How Not to Bore People
By Way of Introduction…
My name is Andrew Bryce. After years of working contracts with eLearning.net, I am now Magic’s blogger and primary storyboard artist.
You will likely not have much, if any, dealing with me directly. However, I am the one responsible for taking your information and making it worthy of your company’s training program.
Of course, we have a team of talented artists, writers, and digital gurus to put it all together, but it’s my job to determine how each module is organized, what the trainees hear and see, and how to ensure that the information sticks.
Then I submit it to the rest of the team, and they edit the heck out of it.
It’s a responsibility that I take extremely seriously. Since you and I will be vicariously working together, I’m writing my first blog post to make sure that we will not be doing so anonymously.
Who Am I, and Why Am I Doing This?
In a previous life, I was an English teacher. I have over fifteen years’ experience talking to young people about literature and commas. I took that career path as an extension of my passions: communication, precision, the exchange of information and the gaining of knowledge…these are deep values that I have held to for as long as I can remember.
Teaching middle school can be a very rewarding experience, but…you know, kids, bruh. They’re nuts.
When Magic et al. extended an offer to work for them full-time, I jumped at the chance. I consider this my opportunity to take my skills and enthusiasms and apply them to more a grown-up set of tasks.
In my years working with eLearning.net, I have taught construction workers how to avoid hurting themselves and others; I have taught EMTs how to react in life-threatening situations; I have taught bankers how to spot major money laundering schemes. Although people tend to sit through training programs in much the same way my former students sat through grammar lessons, the material is always important and is something that should always be taken seriously.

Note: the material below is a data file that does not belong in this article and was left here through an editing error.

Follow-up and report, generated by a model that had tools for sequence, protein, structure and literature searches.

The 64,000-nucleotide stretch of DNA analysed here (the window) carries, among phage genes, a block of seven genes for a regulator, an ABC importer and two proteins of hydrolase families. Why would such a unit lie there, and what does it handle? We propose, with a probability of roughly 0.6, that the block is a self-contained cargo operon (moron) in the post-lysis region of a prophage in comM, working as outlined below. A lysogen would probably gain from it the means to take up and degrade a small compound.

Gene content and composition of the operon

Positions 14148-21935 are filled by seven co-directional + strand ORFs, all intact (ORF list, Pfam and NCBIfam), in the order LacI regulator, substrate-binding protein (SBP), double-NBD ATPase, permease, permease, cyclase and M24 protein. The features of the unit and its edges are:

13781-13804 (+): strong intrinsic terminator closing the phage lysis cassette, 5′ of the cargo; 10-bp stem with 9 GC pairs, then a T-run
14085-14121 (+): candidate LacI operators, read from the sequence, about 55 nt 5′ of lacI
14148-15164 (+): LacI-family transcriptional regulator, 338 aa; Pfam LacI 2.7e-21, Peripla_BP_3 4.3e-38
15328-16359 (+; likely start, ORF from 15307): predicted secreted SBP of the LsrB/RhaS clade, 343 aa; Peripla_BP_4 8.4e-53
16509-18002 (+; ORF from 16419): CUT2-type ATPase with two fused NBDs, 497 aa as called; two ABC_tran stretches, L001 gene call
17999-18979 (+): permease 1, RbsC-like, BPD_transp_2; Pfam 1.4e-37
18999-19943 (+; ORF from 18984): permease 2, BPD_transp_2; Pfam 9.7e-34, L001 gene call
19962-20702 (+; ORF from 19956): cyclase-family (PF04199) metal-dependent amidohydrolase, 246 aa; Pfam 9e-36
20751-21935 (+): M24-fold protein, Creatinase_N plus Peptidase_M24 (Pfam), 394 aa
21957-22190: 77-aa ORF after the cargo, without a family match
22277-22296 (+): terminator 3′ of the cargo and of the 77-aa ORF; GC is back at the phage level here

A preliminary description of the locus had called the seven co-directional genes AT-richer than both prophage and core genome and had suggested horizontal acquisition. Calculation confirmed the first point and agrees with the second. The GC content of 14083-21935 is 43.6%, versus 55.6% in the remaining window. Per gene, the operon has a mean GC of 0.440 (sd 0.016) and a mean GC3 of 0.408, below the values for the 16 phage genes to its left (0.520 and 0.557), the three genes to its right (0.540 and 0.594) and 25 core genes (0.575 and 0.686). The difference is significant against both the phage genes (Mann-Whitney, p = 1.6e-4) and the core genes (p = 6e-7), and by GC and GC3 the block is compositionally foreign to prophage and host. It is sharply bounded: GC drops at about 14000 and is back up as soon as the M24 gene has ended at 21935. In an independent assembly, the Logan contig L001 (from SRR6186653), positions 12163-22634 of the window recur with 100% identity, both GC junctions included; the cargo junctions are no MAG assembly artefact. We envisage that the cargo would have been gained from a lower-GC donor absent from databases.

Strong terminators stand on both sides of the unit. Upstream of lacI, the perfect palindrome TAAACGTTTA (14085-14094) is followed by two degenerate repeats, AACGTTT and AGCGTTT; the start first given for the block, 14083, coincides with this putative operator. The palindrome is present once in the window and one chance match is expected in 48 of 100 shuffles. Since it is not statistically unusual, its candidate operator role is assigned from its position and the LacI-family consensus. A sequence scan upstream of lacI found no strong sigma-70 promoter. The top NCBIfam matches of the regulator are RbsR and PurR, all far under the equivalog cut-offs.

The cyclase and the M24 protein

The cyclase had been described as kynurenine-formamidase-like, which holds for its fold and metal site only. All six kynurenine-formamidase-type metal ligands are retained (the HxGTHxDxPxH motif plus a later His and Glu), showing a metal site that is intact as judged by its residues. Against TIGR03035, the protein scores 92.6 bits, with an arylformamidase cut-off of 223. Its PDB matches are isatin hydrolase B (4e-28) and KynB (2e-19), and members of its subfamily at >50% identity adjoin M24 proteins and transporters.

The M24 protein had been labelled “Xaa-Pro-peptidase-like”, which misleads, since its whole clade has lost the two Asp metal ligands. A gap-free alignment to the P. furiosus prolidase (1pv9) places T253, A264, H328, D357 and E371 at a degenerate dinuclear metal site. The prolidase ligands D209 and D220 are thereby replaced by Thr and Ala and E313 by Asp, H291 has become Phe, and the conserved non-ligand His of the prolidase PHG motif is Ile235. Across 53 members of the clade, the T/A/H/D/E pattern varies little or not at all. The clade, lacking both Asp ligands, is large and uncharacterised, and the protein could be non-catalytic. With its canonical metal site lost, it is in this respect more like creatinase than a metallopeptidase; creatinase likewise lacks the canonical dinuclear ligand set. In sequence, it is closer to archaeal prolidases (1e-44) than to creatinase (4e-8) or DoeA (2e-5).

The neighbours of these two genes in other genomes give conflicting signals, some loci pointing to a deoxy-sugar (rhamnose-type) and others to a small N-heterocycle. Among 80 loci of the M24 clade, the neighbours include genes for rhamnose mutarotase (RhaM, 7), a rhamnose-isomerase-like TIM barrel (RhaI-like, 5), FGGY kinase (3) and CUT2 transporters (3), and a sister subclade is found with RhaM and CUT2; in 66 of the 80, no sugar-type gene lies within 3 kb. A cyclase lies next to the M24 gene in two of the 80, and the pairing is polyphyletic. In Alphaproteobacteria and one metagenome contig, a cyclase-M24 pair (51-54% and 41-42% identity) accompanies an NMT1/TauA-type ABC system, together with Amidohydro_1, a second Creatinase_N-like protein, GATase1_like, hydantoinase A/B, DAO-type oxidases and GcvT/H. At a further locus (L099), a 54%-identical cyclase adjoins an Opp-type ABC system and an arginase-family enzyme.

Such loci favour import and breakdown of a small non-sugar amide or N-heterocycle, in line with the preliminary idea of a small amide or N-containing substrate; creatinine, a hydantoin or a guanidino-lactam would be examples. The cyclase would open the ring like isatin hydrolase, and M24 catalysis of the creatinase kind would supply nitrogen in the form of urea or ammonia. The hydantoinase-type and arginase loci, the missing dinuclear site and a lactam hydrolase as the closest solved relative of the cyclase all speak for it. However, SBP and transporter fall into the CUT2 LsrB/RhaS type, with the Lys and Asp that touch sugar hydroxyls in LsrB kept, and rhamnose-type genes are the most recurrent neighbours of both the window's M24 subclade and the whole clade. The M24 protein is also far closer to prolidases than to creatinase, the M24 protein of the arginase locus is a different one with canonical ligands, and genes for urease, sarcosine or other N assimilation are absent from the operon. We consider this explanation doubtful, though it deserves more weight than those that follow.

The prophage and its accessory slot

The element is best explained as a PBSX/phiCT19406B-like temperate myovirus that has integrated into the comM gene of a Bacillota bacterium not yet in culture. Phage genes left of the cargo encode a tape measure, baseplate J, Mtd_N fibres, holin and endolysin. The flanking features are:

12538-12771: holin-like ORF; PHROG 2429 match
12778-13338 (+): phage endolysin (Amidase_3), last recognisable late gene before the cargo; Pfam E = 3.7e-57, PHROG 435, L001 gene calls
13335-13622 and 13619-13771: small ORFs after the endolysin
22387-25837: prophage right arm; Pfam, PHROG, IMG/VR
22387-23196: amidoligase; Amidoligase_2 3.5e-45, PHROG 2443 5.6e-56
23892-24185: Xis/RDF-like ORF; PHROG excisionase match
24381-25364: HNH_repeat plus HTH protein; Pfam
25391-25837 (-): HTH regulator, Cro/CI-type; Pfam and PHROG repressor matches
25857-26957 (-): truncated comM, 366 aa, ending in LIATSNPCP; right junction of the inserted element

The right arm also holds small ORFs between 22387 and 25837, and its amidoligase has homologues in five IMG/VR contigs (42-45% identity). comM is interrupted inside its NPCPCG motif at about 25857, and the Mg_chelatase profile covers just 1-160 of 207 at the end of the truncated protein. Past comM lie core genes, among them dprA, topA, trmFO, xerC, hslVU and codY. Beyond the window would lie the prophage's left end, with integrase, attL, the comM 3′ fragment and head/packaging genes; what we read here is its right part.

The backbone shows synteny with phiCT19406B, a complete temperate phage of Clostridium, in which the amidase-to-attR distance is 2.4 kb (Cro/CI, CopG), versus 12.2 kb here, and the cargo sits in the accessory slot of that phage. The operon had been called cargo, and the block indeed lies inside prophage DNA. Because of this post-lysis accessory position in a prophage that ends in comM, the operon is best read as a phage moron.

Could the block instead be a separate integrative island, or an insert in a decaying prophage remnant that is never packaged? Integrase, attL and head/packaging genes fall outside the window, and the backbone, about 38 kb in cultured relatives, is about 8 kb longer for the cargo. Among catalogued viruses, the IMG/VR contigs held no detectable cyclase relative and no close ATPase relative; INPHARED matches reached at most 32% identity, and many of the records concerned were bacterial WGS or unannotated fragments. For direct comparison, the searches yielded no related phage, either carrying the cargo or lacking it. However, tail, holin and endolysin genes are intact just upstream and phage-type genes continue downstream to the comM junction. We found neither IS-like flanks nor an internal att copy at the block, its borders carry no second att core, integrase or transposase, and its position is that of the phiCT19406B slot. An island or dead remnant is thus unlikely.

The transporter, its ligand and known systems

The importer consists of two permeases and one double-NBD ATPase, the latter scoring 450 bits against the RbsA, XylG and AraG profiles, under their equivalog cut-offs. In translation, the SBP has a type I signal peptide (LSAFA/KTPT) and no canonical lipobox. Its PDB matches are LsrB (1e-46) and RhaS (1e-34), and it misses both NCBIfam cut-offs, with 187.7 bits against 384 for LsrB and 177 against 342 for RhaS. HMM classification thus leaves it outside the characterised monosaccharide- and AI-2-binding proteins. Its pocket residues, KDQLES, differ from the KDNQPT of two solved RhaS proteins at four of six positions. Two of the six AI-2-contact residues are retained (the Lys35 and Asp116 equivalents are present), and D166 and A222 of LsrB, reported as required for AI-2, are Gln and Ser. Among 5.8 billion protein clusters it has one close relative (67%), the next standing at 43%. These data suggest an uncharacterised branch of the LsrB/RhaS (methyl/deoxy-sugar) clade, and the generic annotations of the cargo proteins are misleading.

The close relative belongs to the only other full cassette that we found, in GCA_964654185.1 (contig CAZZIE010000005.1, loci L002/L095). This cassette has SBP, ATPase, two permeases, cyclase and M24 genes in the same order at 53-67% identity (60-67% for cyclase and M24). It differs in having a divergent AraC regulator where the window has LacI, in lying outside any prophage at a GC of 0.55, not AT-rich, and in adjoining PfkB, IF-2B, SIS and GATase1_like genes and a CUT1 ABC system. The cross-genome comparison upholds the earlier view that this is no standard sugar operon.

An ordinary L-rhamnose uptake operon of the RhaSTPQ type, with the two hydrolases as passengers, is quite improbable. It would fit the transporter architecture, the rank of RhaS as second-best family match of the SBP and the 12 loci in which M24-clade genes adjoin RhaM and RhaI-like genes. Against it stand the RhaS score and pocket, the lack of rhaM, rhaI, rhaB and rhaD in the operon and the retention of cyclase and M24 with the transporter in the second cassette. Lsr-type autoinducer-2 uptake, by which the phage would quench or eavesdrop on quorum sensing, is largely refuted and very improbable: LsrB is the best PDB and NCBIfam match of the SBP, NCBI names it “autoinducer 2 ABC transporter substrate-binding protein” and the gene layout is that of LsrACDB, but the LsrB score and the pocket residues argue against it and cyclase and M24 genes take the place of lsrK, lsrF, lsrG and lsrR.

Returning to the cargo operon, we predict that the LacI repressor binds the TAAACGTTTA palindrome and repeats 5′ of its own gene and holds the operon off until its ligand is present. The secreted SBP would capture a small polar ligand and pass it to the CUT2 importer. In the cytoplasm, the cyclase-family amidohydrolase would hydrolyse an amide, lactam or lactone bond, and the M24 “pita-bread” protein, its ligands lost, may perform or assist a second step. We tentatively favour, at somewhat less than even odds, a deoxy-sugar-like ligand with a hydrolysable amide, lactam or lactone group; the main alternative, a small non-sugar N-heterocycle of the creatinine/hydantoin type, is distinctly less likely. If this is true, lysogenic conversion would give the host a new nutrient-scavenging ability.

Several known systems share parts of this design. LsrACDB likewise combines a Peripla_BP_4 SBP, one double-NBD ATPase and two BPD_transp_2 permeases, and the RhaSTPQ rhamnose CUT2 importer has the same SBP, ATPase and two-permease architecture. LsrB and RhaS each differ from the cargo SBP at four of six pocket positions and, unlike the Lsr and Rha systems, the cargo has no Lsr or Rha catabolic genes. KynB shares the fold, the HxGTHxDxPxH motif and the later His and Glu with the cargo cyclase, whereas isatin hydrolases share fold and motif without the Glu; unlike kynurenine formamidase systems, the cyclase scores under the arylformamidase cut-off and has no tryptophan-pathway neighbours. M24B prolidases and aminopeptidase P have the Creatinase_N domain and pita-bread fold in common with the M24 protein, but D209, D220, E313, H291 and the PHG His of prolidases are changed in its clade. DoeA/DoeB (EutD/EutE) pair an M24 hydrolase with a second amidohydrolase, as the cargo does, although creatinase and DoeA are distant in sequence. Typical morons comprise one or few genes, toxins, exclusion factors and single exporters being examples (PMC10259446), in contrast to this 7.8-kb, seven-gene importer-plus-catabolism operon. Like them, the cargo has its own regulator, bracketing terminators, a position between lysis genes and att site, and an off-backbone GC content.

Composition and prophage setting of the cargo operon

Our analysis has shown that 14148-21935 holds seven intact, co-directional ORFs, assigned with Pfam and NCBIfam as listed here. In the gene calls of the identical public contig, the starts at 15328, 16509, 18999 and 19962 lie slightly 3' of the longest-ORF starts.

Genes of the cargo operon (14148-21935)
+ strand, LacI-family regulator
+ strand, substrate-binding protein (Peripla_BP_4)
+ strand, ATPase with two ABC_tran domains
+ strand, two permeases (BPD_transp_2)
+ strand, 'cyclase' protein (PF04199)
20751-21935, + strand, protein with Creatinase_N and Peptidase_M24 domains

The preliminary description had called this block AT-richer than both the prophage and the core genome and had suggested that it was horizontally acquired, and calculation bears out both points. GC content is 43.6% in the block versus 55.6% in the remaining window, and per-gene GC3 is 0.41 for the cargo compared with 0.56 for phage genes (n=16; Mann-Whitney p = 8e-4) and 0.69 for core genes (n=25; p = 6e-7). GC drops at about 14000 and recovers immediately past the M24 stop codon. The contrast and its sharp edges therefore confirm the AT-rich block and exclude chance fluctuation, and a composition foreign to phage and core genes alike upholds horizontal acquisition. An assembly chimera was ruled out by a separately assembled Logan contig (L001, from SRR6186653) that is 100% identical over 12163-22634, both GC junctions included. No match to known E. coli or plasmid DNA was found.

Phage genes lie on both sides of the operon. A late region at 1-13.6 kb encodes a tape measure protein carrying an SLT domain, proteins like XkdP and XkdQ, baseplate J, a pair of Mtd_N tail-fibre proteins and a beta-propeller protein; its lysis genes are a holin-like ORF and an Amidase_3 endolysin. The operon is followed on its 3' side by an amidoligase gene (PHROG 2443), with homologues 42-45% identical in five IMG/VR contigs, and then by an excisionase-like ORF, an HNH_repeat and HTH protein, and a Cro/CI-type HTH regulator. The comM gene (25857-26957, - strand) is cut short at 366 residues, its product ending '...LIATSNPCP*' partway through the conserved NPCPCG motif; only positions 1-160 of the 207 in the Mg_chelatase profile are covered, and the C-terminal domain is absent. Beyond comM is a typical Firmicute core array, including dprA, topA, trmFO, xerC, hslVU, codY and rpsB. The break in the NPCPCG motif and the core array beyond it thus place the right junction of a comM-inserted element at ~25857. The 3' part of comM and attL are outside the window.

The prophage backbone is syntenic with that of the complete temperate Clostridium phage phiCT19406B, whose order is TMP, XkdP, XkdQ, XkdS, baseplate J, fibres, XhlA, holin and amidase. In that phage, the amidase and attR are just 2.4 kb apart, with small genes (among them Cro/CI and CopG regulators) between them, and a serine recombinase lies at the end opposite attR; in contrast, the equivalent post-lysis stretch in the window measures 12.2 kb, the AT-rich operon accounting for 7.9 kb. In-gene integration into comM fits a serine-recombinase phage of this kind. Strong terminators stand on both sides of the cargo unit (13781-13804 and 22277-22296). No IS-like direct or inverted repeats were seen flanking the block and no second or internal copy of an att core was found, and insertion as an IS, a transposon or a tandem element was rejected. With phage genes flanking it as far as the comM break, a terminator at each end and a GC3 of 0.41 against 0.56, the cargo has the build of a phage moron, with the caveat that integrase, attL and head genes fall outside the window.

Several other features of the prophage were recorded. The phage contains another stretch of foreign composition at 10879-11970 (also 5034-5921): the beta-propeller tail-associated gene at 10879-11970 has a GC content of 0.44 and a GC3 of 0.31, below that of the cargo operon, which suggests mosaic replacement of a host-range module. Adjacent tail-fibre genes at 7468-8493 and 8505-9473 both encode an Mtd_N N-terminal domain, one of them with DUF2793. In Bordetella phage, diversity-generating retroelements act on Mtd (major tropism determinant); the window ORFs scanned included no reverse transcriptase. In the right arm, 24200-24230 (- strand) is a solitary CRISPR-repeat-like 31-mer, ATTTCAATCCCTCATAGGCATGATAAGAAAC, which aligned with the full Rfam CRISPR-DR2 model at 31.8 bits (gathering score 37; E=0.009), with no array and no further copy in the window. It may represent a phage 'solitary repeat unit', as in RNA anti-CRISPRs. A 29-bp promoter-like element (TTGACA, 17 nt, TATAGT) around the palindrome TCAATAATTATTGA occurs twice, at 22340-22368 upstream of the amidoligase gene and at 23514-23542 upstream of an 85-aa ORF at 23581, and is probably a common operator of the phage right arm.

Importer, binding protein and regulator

My Methods and Missions – The Pernicious It
It is my sincere wish that your trainees feel some connection with the information you’re asking them to learn. I would go so far as to say that having that connection is the foundation of all learning.
Trust me, I empathize with anyone who feels a twinge of boredom during a training on bureaucratic software; I have to learn it too, after all. I consider it my duty to mitigate this feeling, to write my storyboards in such a way as to engage as well as inform. Although we must communicate the concepts and procedures as exhaustively and precisely as possible, there is no rule that even the driest subject cannot also communicate a sense of humanity in its presentation.
There are pitfalls to this philosophy. They’re something most of us have encountered at least once in our professional lives: a sense of false informality, an attempt on behalf of the writer to sound “cool,” to sound just like one of you, to sound like learning can be FUN.
This problem is embodied in what I call the pernicious it.
This is something I noticed some years ago when sitting through some new video my school made the staff watch. After a few brief words of introduction, the narrator said, “Let’s get it started.”
I died a little inside. “Let’s get it started,” was it? A small word, a minor infraction perhaps, an effort to lighten the mood. A turn of phrase used for celebration, for entertainment, as if the video were about to discuss the training topics accompanied by a driving drumbeat.